Effective July 9, FedEx Freight will raise non-contract rates by 6.9 percent on less-than-truckload (LTL) shipments moving within the United States and Canada, between the U.S. and Canada, and on the U.S. portion of shipments in the U.S.-Mexico trade. FedEx Freight is the LTL unit of FedEx Corp. and the nation's largest LTL carrier by sales.
FedEx Freight will also adjust the minimum charge it imposes on LTL shipments. Additionally, it will likely hike accessorial fees tacked on to the base price of a shipment to reflect the cost of services not related to the core transportation component. However, FedEx Freight said it will not change its current fuel surcharge levels as part of the pricing action.
With this announcement, FedEx Freight becomes the first carrier in 2012 to impose what are known as "general rate increases" (GRIs) on LTL shippers. But if history is any guide, today's announcement will be mimicked to a large degree by FedEx Freight's rivals,
In general, GRIs are applied to between 20 percent and 40 percent of the LTL sector's overall product mix. However, the GRIs are considered a starting point for contract negotiations with some of the nation's biggest LTL users, which comprise the balance of the carriers' business.
Across the industry, contract renewals are seeing rate increases--excluding fuel surcharges--in the 4- to 5-percent range, according to investment firm Robert W. Baird & Co.
A healthy rate environment
Analysts say the FedEx Freight move reflects a healthy rate environment that is gradually enabling LTL carriers to rebuild profit margins damaged by a long freight recession and price wars. Rate increases will also help them to re-invest in the resources needed to stay competitive. Even before FedEx Freight made its announcement, David G. Ross, transport analyst at investment firm Stifel, Nicolaus & Co. said that pricing trends were strong enough to help carriers expand their margins and that most of the "re-pricing of bad accounts is done."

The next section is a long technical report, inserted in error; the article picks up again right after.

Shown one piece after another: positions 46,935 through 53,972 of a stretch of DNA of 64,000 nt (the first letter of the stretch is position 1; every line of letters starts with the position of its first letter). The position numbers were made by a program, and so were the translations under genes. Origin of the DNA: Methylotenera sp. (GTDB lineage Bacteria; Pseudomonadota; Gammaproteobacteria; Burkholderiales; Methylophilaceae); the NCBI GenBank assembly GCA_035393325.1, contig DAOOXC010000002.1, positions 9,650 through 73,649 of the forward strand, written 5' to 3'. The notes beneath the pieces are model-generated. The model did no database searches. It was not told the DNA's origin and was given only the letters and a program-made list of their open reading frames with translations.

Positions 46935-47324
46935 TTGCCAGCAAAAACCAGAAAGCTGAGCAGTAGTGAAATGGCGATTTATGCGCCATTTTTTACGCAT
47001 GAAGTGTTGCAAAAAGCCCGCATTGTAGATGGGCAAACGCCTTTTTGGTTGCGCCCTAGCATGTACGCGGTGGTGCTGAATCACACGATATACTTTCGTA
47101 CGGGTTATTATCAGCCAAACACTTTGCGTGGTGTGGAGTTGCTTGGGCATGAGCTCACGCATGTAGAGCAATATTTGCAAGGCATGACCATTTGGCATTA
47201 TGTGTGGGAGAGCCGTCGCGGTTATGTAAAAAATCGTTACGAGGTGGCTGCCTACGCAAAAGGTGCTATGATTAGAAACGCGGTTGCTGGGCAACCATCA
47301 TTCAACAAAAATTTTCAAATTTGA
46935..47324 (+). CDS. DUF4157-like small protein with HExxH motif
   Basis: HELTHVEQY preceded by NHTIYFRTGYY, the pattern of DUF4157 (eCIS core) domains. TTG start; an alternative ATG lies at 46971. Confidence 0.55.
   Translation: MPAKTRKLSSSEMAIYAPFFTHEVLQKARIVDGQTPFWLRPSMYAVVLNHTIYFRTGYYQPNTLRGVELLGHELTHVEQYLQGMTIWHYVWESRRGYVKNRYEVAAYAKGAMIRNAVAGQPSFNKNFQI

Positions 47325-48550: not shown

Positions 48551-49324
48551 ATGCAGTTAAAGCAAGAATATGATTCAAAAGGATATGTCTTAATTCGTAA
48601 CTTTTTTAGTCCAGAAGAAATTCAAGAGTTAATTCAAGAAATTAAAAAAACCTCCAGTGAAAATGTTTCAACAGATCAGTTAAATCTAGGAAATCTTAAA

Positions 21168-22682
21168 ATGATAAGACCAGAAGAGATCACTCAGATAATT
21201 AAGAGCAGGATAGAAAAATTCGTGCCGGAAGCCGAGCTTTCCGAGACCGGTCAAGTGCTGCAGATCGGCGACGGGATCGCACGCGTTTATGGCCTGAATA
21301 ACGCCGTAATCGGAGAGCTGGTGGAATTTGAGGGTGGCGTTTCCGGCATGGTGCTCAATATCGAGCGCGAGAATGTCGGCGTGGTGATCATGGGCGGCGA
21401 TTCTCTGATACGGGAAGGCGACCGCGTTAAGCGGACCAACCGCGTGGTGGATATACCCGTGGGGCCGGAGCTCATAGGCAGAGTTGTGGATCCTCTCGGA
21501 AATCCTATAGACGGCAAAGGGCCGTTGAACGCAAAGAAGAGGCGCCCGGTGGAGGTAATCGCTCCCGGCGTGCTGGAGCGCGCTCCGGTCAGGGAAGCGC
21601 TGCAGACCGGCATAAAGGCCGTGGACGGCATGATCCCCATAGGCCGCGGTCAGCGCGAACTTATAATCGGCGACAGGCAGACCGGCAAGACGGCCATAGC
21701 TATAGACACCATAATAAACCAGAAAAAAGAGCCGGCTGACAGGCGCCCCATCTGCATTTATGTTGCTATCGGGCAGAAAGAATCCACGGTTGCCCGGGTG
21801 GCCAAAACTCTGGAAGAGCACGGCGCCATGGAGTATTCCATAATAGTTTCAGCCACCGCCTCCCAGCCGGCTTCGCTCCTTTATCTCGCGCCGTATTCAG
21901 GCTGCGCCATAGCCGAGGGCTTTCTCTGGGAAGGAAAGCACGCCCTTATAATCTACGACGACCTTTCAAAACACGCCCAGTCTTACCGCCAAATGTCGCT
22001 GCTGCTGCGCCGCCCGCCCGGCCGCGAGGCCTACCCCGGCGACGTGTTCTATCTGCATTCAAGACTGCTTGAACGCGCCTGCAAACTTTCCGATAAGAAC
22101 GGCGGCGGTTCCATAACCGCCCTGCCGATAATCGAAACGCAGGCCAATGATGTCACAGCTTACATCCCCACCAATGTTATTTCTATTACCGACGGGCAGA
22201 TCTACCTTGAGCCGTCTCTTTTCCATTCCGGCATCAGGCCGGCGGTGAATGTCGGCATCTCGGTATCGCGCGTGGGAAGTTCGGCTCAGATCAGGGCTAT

Ross said domestic U.S. freight activity is holding steady and is up incrementally from this time last year. The slow growth is broad-based with no single shipping sector showing unusual strength or weakness, he said.
In a climate of somewhat muted growth, pricing and operating efficiencies have become more important to carriers than a quest for market share, Ross said. The industry is "not even at half-time" in its drive to grow profits from the most recent trough in 2009, he said.
That was the year that LTL pricing collapsed as carriers tried to defend market share amid a nasty economic recession that compressed freight volumes. The weak rate environment was also driven by two of the three biggest carriers, notably FedEx Freight and Con-way Freight, reducing prices in an effort to push ailing YRC Worldwide, then the market leader, out of business.
YRC has survived, however, and in the two subsequent years, volumes have picked up—albeit moderately. As a result, carriers began pricing their space rationally while culling unprofitable business form their rolls.
In 2010 and 2011, carriers once again possessed pricing power and raised non-contract rates multiple times. But with supply and demand now roughly in sync and with myriad economic concerns keeping freight demand somewhat muted, carriers have throttled back on the frequency of increases in 2012. Still analysts believe the carriers will retain rate leverage unless they go off on another rate-cutting binge, which seems unlikely.
In another sign of a healthy rate environment, Nashville, Ind.-based consultancy FTR Associates said its monthly "Trucking Conditions Index" for April rose significantly from March levels to a reading of 9.1. Any reading above zero indicates a positive environment for truckers. Readings above 10 indicate that volumes, prices, and margins are in what FTR termed a "solidly favorable" range for the carriers.
"Volume growth is modest, but because the industry is not adding capacity, even modest freight growth is sufficient to support firm rates," Larry Gross, senior consultant at FTR, said in a statement.
Gross said truckers should see a gradual improvement in the operating climate through the rest of 2012 and into 2013. Volumes should continue to grow modestly. Additionally driver supply will tighten as government regulations, such as the CSA 2010 program designed to winnow out purportedly unsafe drivers, begin to have an impact, he added. As a result of the shortage, trucking companies will be able to command higher prices.
Truckers should also feel a tailwind from the continued decline in diesel fuel prices, Gross said. As of June 4, the national average price of a gallon of diesel stood at about $3.84, down about 23 cents a gallon from the end of April alone, according to the Department of Energy's Energy Information Administration.